While not as closely watched as the World Cup in Brazil, for those who care about international heritage the 38th session of the World Heritage Committee in Doha, Qatar (June 15-25, 2014) was an important event. Among the highlights were the inscriptions of the 1,000th World Heritage Site, the Okavango Delta in Botswana, and Myanmar’s first property on the World Heritage List. During its ten-day meet up, the Committee added a total of 26 new sites the List to bring the number of World Heritage Sites to 1007, in 161 countries.
Representatives from the United States (US) were there to follow the voting on the Monumental Earthworks of Poverty Point. This was country’s first World Heritage nomination since the US withdrew the its support for UNESCO. See US World Heritage Program at Risk Score one for team US. On June 22, 2014, the nomination for Poverty Point was inscribed as the 1,001st property on the World Heritage List.
(However, see the comment below – it turns out it was a very close game!)
Listed under Criteria iii, the site was determined to bear a unique or at least exceptional testimony to a cultural tradition or to a civilization which is living or which has disappeared. The monumental prehistoric earthwork complex is located in Louisiana’s Lower Mississippi Valley. It was part of a trading network 3,000 years ago that stretched hundreds of miles across the North American continent. Poverty Point is a remarkable system of monumental mounds and ridges that were built into the landscape for residential and ceremonial use by a sophisticated society of hunter-fisher-gatherers. It is a masterpiece of engineering from its time as the major political, trading, and ceremonial center of North America.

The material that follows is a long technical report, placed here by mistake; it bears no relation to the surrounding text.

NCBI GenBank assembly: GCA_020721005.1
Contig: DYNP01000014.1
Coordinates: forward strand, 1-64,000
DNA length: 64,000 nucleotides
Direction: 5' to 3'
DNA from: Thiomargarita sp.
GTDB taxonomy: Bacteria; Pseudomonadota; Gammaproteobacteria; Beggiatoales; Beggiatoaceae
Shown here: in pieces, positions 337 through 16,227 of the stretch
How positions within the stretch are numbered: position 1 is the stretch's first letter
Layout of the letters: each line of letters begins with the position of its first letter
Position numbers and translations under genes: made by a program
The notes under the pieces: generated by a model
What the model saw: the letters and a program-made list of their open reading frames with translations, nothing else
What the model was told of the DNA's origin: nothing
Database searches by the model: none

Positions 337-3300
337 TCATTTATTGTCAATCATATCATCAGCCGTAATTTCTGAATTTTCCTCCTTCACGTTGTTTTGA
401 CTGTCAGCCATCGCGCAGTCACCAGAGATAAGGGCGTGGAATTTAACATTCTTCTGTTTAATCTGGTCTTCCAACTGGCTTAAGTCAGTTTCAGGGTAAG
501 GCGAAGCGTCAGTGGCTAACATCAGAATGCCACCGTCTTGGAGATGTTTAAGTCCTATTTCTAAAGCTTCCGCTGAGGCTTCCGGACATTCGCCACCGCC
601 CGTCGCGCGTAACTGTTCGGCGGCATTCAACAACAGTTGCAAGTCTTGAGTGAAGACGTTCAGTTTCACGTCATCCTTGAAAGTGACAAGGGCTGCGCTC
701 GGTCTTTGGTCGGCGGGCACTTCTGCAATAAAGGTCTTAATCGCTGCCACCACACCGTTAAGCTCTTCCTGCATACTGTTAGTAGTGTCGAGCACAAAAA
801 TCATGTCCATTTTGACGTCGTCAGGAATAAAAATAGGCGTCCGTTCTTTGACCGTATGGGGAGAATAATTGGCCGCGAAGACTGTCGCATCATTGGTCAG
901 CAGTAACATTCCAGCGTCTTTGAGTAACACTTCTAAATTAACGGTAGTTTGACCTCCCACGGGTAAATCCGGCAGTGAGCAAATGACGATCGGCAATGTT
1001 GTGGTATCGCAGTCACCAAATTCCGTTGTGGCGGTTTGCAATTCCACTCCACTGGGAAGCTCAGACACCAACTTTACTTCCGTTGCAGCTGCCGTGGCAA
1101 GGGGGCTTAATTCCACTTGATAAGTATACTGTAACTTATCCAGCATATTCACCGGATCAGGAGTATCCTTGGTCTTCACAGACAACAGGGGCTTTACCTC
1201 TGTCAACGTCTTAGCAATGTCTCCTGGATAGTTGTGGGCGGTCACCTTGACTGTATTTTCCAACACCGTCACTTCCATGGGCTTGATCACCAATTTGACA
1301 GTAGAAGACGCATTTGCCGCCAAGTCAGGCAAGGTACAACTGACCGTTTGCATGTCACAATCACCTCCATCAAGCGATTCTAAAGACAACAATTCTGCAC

Not scoring so well was Australia; although the committee deferred for 12 months a decision on whether to place Australia’s Great Barrier Reef on the List of World Heritage in Danger, the Committee expressed concerns over planned coastal developments, including development of ports and liquefied natural gas facilities. It asked Australia to submit an updated report on the state of conservation of the reef by 1 February 2015. In addition the World Heritage Committee rejected the Australian Government ‘s proposal to delist 74,000 of hectares from the boundaries of the Tasmanian Wilderness. It was reported that the current government of Australia lobbied the delegates in Doha unsuccessfully to get more flexibility in the management of these iconic resources.http://www.theaustralian.com.au/national-affairs/opinion/confused-grief-over-great-barrier-reef/story-e6frgd0x-1226961709198
Scoring points for good deeds was the host state of Qatar. The Prime Minister of Qatar opened the meeting by announcing a donation to the World Heritage Center of $10 million to establish a new fund to assist World Heritage sites affected by conflict or natural disaster. He called on “all of the states in the big World Heritage family” to contribute to this fund. To see some the challenges view Culture under Attack: A Photo Exhibition on Cultural Heritage and Armed Conflict.